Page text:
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Once the wave-based and the geometrical acoustics solutions are successfully calculated, Treble hybridizes the results of both solvers into a broadband impulse response. The wave-based solution is low-pass filtered to remove the frequency content above the transition frequency, and, similarly, the geometrical acoustics solution is high-pass filtered below the transition frequency. The two impulse responses are then summed to generate the hybrid response. For this process, both solvers are first calibrated to output a sound pressure level of 94 dB at a distance of one meter for an omnidirectional point source in free field (which amounts to a sound power of 105 dB).

The room acoustics parameters displayed in the result panel of Treble are computed for each individual solvers, depending on whether the considered frequency band is lower or higher than the transition frequency. If the transition frequency falls inside a frequency band, the parameters for this particular band are calculated based on the hybrid response. Note that for the geometrical acoustics solver, the energy-based parameters are extracted directly from the energy histogram. This can result in slightly different results from computing the parameters from the squared impulse response due to additional filtering and overlapping band effects [1].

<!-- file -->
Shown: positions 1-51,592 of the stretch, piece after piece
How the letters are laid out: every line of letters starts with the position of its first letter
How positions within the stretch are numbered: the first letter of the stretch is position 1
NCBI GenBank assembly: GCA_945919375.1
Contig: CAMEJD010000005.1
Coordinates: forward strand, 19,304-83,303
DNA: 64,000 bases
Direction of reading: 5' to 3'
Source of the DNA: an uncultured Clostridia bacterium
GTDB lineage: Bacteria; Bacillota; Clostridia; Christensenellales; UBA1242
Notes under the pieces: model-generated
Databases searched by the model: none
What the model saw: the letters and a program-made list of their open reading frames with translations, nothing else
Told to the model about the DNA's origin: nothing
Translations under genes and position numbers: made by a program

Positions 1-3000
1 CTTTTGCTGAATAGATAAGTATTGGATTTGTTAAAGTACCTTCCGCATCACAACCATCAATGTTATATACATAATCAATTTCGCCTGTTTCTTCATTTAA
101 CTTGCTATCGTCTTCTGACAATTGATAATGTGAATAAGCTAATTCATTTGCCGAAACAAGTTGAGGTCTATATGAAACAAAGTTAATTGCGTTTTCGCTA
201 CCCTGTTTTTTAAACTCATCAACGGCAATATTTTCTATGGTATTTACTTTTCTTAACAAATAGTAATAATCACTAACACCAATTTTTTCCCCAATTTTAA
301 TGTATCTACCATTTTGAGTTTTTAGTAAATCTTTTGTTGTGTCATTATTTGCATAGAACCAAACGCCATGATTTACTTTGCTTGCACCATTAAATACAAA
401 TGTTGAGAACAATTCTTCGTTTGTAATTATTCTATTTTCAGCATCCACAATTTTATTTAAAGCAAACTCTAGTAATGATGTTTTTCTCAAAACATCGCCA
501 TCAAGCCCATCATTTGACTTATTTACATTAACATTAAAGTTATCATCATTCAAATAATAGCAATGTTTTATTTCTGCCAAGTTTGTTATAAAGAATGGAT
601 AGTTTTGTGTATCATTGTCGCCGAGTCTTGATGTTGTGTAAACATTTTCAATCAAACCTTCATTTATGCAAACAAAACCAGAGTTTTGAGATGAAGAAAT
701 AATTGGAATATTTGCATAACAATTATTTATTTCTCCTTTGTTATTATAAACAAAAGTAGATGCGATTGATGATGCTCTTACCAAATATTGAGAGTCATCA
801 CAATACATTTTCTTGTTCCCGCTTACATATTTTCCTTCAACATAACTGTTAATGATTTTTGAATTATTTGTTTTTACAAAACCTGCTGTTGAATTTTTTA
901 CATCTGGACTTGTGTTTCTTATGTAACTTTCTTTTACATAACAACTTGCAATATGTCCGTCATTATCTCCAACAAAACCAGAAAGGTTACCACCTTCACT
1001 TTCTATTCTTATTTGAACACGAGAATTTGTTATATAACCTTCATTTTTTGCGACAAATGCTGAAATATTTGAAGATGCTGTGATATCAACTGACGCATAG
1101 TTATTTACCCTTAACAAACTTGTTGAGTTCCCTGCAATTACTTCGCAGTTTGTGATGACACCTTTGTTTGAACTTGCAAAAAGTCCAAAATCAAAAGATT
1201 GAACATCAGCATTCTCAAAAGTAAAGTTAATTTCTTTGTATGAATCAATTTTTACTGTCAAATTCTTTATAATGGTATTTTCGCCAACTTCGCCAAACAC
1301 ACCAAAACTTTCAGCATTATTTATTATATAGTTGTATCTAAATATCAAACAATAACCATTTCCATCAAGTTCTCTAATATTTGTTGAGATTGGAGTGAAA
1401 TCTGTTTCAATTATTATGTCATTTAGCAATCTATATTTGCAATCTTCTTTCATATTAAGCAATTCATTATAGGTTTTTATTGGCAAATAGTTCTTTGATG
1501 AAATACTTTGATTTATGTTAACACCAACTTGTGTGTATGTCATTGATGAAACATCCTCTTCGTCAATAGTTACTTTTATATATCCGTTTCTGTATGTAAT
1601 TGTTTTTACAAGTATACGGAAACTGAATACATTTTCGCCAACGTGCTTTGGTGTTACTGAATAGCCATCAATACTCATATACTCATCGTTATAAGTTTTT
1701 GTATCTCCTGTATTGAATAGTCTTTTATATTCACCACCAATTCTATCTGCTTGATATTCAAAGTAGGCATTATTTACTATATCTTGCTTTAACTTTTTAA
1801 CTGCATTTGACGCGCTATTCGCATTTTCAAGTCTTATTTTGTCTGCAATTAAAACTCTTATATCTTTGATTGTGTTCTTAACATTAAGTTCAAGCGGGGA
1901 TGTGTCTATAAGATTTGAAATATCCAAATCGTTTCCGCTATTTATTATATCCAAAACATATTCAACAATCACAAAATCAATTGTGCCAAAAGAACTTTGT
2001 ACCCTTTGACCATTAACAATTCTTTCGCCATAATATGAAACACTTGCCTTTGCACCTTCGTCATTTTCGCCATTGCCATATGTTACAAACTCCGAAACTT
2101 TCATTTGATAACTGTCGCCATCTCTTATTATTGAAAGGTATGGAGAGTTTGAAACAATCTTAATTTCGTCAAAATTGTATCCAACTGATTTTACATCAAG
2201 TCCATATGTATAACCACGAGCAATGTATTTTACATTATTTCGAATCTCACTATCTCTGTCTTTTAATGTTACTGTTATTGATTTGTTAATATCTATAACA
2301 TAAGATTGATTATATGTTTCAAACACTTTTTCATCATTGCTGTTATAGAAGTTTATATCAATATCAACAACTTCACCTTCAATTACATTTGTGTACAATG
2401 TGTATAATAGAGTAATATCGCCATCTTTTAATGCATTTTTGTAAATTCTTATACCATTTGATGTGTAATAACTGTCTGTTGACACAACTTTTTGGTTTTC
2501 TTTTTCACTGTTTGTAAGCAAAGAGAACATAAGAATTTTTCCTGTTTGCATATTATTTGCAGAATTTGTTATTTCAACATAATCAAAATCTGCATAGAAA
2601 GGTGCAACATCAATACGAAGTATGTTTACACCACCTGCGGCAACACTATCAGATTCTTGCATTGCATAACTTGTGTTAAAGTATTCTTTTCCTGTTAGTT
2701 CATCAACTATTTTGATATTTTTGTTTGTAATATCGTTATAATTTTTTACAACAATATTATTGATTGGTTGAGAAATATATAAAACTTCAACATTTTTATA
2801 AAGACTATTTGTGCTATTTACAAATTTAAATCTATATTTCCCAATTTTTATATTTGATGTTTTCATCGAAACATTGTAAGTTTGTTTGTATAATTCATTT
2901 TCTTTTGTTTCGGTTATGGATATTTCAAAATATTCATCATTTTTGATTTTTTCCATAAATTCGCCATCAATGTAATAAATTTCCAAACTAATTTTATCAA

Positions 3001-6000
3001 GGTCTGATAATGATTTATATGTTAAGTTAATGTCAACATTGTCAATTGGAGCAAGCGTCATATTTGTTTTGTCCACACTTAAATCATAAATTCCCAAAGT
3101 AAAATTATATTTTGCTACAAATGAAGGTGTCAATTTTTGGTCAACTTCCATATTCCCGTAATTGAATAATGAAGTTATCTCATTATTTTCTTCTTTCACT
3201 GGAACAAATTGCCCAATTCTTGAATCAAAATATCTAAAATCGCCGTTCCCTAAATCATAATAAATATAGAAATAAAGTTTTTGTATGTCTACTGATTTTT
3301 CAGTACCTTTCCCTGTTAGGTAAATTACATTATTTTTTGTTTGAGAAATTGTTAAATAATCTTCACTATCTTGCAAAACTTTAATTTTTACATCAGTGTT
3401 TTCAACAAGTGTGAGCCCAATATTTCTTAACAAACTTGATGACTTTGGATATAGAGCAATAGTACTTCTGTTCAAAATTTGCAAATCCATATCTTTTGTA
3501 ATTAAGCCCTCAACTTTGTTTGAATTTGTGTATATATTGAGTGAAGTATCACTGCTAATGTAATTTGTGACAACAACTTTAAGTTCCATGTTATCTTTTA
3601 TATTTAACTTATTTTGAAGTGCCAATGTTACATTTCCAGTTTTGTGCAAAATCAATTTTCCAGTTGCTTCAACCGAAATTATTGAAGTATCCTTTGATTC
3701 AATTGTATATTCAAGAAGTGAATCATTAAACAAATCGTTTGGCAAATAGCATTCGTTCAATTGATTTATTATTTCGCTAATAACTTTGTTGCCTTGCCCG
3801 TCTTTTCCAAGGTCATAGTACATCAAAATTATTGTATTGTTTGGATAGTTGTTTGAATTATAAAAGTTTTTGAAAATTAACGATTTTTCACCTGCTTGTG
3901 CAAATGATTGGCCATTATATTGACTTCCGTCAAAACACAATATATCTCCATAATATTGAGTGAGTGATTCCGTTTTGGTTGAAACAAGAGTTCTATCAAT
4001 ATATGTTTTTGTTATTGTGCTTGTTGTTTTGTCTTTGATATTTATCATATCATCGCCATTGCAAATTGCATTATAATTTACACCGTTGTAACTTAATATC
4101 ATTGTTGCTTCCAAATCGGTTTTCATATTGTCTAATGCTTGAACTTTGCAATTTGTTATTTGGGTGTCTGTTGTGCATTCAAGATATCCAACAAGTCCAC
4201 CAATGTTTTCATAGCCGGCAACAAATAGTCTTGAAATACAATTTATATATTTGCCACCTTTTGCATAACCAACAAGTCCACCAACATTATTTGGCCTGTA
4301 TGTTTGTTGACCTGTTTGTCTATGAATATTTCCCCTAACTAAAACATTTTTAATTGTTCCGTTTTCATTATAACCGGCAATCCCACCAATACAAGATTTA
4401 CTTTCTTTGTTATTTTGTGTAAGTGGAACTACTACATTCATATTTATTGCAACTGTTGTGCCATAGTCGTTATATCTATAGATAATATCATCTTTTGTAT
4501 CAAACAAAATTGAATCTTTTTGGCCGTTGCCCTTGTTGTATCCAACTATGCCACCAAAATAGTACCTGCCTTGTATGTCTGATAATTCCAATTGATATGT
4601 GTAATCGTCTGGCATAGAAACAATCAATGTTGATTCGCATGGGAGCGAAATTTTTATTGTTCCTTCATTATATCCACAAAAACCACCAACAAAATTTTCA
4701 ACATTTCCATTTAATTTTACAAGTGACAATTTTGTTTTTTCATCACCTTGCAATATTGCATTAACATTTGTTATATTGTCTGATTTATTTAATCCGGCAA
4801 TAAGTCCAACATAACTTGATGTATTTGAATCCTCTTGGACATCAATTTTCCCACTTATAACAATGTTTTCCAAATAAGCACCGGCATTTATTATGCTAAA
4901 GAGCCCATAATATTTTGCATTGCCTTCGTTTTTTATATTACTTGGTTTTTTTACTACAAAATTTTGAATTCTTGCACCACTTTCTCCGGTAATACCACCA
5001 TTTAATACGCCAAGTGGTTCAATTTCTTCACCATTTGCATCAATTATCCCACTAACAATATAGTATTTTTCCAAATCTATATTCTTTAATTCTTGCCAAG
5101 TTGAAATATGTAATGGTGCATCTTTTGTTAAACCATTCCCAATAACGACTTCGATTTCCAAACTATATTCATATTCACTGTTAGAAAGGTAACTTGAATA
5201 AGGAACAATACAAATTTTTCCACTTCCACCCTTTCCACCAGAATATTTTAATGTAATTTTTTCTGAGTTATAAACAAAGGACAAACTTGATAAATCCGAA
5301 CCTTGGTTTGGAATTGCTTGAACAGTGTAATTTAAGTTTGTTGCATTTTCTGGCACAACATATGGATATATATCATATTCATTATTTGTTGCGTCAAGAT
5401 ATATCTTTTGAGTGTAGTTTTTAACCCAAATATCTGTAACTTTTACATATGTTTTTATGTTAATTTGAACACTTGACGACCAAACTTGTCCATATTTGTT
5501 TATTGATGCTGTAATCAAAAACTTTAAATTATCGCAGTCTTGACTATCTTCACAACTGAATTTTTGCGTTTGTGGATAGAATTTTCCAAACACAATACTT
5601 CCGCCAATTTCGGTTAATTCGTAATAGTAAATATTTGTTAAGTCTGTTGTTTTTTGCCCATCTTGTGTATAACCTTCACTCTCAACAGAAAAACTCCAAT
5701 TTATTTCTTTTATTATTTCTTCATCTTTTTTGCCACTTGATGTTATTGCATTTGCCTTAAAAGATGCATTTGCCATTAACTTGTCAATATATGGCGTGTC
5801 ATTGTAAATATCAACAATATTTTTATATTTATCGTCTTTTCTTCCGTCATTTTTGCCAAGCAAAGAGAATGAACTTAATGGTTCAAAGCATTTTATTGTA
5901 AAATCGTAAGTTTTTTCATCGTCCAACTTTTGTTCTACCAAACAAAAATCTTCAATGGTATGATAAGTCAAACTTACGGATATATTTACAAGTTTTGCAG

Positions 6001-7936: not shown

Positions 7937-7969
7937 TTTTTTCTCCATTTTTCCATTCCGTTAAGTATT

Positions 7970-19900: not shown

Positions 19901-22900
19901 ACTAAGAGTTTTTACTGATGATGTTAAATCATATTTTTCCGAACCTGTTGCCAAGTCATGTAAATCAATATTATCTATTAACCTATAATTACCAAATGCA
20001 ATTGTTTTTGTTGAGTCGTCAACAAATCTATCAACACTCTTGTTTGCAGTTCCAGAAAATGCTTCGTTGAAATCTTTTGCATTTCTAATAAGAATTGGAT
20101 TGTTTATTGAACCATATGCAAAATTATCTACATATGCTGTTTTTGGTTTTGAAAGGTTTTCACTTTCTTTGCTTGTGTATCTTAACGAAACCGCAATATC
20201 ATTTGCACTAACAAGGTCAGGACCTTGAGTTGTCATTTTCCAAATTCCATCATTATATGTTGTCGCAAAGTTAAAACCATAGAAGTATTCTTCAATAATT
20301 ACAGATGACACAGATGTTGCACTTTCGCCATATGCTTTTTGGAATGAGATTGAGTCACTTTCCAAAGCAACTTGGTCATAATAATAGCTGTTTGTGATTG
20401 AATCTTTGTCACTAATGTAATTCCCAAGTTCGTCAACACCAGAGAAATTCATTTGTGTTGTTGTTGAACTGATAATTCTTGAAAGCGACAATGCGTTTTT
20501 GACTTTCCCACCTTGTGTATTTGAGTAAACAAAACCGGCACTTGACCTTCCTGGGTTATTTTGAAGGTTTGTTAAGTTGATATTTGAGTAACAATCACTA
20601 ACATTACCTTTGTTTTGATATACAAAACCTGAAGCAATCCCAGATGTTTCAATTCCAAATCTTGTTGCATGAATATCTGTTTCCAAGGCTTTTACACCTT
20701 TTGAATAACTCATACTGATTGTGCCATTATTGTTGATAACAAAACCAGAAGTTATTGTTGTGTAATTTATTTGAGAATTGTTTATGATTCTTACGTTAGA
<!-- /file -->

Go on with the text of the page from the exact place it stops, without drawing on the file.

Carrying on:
[1] G. Marbjerg, J. Brunskog, C.-H. Jeong, V. Zapata-Rodriguez. The influence of overlapping band filters on octave band decay curves, Acta Acustica united with Acustica, 104:943-946, 2018.